Diverse mission simple motive: 72nd Aerospace Medicine Squadron focuses on people

  • Published
  • By John Stuart
  • Tinker Public Affairs
It's all about the patients when it comes down to it.

That's the driving force behind the 72nd Aerospace Medicine Squadron at Tinker, and it shows.

"What gets us coming back to work every day is the patients," said 72nd AMDS commander Col. James Ice. "I recently gave a speech to the Veterans Administration and I said that veterans are the reason why I'm here. I have a job where I get to take care of my heroes. It's that simple."

The motivation may be simple, but the squadron's diverse mission is far from it and has their personnel spread out in several locations.

The squadron has the responsibility of doing tasks from fitting glasses to administering immunizations to performing hearing protection checks on site. When one considers the broad expertise of the 72nd AMDS, its base-wide impact becomes clear.

"Diversity is part of what's most interesting about the squadron," Colonel Ice said. "In some way, shape or form the squadron touches everyone here on base."

Six flights fulfill these duties, staffed by 134 people: Flight Medicine, Public Health, Bio-environmental Engineering, Occupational Medicine, the Optometry Clinic and Health and Wellness Center.

Above all, the most difficult thing is conducting the Individual Medical Readiness checks for some 7,000 active duty personnel on base. And for deploying Airmen, they also have to process through the halls of the AMDS, Colonel Ice said.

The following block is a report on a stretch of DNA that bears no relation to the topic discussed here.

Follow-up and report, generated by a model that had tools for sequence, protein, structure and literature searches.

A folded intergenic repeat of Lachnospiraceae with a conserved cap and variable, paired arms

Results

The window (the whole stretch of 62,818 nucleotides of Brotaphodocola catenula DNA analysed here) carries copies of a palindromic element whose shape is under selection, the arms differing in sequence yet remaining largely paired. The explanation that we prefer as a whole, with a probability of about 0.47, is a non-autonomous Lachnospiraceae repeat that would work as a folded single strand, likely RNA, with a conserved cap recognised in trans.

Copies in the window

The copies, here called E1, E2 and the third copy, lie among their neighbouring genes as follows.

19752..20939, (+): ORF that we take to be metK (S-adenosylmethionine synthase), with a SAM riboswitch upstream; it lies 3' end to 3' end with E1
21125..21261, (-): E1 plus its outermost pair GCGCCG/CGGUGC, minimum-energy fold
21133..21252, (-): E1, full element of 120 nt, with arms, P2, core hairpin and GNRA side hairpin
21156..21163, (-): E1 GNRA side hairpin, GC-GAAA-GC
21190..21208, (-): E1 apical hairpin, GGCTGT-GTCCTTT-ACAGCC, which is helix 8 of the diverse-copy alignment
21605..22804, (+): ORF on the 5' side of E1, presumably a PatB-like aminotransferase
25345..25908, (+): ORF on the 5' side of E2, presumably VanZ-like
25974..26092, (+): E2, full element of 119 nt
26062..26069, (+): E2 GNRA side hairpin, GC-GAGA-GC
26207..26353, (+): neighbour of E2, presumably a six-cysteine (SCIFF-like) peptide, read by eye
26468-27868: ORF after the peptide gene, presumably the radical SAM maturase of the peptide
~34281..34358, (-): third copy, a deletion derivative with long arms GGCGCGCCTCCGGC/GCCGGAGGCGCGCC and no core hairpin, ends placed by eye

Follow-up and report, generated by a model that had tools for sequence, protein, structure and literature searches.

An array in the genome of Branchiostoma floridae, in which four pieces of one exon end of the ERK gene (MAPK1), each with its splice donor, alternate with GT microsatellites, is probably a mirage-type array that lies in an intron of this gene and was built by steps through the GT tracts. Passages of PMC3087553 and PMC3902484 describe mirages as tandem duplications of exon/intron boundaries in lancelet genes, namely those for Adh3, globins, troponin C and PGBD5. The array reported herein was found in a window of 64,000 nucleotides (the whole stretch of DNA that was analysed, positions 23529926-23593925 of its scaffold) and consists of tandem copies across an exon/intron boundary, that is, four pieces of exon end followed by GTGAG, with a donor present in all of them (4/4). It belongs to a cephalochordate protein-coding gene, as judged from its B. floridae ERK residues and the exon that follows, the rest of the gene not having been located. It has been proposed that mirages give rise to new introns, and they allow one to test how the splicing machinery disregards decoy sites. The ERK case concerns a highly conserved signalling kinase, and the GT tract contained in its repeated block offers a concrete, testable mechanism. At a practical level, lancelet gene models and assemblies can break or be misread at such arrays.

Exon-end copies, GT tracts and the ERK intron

"Every single deployer comes through us," Colonel Ice said. "We are the first stop and we're the last stop. We make sure everyone works safely. We make sure everyone stays healthy, and if they're not healthy, we get them healthy. We take care of their family members so they're not worrying about their family members when they're supposed to be fighting the war."

Thanks to new facilities that are under construction, these medical services will be even better, at the squadron and group level, Colonel Ice said, while highlighting cooperation across the group.

"We've tried to make a point throughout the group that our slogan is 'four squadrons, one medical group,'" Colonel Ice said. "We are one team here and fully dependent on each other."

"The biggest advantages will be for the people we take care of," Colonel Ice said of the new 170,000 square-foot facility. "They'll enter into a big, modern clinic building. We'll have nice, new work space, new equipment. From our end it will be very nice and for everyone who works in our building."

The med group should move into the new facilities located on the south side of the base in the fall of 2011.

While quality care ranks as a top mission goal, there's only so much even the best of health care providers can do for their patients. With this in mind, the squadron has an ultimate goal that transcends the walls of any medical building.

"For us it's about prevention, we want to educate people so they can take care of themselves," Colonel Ice said.